Every so often I lingered in the dim halls of the hotel for what felt like a private viewing of the Rosewood’s art collection. Large panels of calligraphy art, ink brush paintings and photography prints lined the walls alongside contemporary sculptures providing not only a sense of place but also a sophisticated appreciation for Chinese art and relics.

Breakfast station at the Rosewood Beijing hotel Manor Club

Wearing a thick coat of city grime after a day of walking through a bustling and polluted Beijing, our return to the hotel was always a welcome respite. The oasis of calm permeated in the building while outside the city’s business district the hordes of  cars, bicycles and motorbikes honked and hummed their way through incessant traffic. The Brit and I giggled like a new couple over herbal tea at the lounge in Sense Spa – a little nervous at the upcoming shared experience which surprised the both of us. We were booked in for a 90 minute couples massage session with Judy & Wilson and couldn’t have been in more capable hands. Sixty minutes in I could hear the Brit’s soft snores in the next table and took that as a good sign.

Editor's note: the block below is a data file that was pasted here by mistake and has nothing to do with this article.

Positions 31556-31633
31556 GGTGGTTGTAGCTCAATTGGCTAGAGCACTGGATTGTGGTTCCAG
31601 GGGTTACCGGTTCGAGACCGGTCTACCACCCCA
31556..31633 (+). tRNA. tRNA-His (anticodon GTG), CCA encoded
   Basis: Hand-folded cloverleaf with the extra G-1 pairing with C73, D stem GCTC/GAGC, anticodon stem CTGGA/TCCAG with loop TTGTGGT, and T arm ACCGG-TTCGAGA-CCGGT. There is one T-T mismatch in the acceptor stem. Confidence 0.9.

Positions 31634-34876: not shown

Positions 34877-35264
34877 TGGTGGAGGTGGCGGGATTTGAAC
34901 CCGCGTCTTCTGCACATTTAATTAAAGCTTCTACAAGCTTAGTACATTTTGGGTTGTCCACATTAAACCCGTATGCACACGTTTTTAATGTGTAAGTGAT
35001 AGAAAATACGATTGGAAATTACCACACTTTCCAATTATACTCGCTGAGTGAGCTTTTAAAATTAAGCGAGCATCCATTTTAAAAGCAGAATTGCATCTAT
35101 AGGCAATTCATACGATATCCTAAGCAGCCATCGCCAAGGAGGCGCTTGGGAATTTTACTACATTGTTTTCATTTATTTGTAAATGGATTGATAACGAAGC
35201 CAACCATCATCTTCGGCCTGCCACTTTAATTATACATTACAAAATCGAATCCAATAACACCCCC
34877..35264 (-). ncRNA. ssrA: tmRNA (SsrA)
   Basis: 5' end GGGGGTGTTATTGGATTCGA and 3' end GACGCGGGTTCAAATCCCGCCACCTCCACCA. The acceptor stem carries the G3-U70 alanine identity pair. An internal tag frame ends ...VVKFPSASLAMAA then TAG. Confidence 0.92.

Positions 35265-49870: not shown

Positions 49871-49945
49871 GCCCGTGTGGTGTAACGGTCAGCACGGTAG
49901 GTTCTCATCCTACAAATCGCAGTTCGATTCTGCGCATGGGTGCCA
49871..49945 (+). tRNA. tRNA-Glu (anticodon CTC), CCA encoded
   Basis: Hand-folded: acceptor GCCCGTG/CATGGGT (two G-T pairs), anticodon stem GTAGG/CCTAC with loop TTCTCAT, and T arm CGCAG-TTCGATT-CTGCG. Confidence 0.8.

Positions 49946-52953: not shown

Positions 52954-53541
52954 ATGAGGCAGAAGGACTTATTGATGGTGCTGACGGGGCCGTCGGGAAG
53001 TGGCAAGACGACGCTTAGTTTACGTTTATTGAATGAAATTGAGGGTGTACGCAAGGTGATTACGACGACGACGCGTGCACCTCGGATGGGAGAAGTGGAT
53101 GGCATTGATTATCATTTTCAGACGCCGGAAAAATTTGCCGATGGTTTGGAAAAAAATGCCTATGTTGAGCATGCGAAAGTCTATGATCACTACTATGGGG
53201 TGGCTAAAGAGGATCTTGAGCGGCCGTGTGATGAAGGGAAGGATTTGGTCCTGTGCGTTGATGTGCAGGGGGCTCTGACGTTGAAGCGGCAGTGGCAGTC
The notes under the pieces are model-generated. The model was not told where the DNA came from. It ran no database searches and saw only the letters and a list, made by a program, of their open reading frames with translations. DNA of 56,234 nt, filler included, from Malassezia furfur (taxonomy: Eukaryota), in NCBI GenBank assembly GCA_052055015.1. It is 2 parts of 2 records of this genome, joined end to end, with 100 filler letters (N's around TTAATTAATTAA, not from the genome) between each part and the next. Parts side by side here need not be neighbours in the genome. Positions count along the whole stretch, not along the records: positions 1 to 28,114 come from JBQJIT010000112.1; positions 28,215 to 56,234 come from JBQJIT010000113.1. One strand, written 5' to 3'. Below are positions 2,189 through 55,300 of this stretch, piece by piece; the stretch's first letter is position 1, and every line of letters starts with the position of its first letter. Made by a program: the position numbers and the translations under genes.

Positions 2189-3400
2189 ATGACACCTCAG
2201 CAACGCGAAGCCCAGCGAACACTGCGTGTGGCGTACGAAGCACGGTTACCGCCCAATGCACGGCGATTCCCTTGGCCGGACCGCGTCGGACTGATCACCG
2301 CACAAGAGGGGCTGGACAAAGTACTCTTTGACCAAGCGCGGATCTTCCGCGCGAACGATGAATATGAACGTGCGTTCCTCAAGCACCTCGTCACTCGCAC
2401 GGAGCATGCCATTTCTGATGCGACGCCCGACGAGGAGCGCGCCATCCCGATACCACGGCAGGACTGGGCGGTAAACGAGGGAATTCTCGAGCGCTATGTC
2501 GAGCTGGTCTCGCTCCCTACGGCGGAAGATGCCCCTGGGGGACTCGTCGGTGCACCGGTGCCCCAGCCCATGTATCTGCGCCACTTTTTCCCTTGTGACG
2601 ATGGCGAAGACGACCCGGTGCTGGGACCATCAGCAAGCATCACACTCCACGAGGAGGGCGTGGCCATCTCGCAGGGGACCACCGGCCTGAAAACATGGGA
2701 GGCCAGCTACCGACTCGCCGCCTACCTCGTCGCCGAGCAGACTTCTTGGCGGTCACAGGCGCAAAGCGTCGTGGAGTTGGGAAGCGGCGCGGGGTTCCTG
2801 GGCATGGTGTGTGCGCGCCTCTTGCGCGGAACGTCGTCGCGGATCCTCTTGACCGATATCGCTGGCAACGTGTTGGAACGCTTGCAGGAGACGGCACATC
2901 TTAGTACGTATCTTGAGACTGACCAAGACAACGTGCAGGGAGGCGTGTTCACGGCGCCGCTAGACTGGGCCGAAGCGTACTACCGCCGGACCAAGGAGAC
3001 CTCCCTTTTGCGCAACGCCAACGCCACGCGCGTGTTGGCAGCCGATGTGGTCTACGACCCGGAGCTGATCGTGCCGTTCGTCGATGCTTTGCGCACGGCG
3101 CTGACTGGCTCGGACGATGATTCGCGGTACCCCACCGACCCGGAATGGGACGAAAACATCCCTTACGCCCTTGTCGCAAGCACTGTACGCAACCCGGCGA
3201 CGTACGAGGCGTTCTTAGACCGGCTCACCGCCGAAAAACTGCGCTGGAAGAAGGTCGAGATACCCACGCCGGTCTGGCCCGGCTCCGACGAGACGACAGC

Country Kitchen at Rosewood Beijing: a tribute to Northern Chinese cuisine

At Country Kitchen we were seduced by the rustic fare of country cooking that paid particular tribute to northern Chinese cuisine. The startlingly orange crab and tofu soup arrived first, tasting as delicate on the tongue as it was bold in color. That dish caught our attention from the outset and heightened our anticipation for a great dining experience as more dishes arrived.

One of the best meals and restaurant we encountered in Beijing was the Country Kitchen at Rosewood Beijing hotel. They hand make their noodles there and also have a dedicated oven for roasting peking duck. Click the link for a review of Country Kitchen restaurant.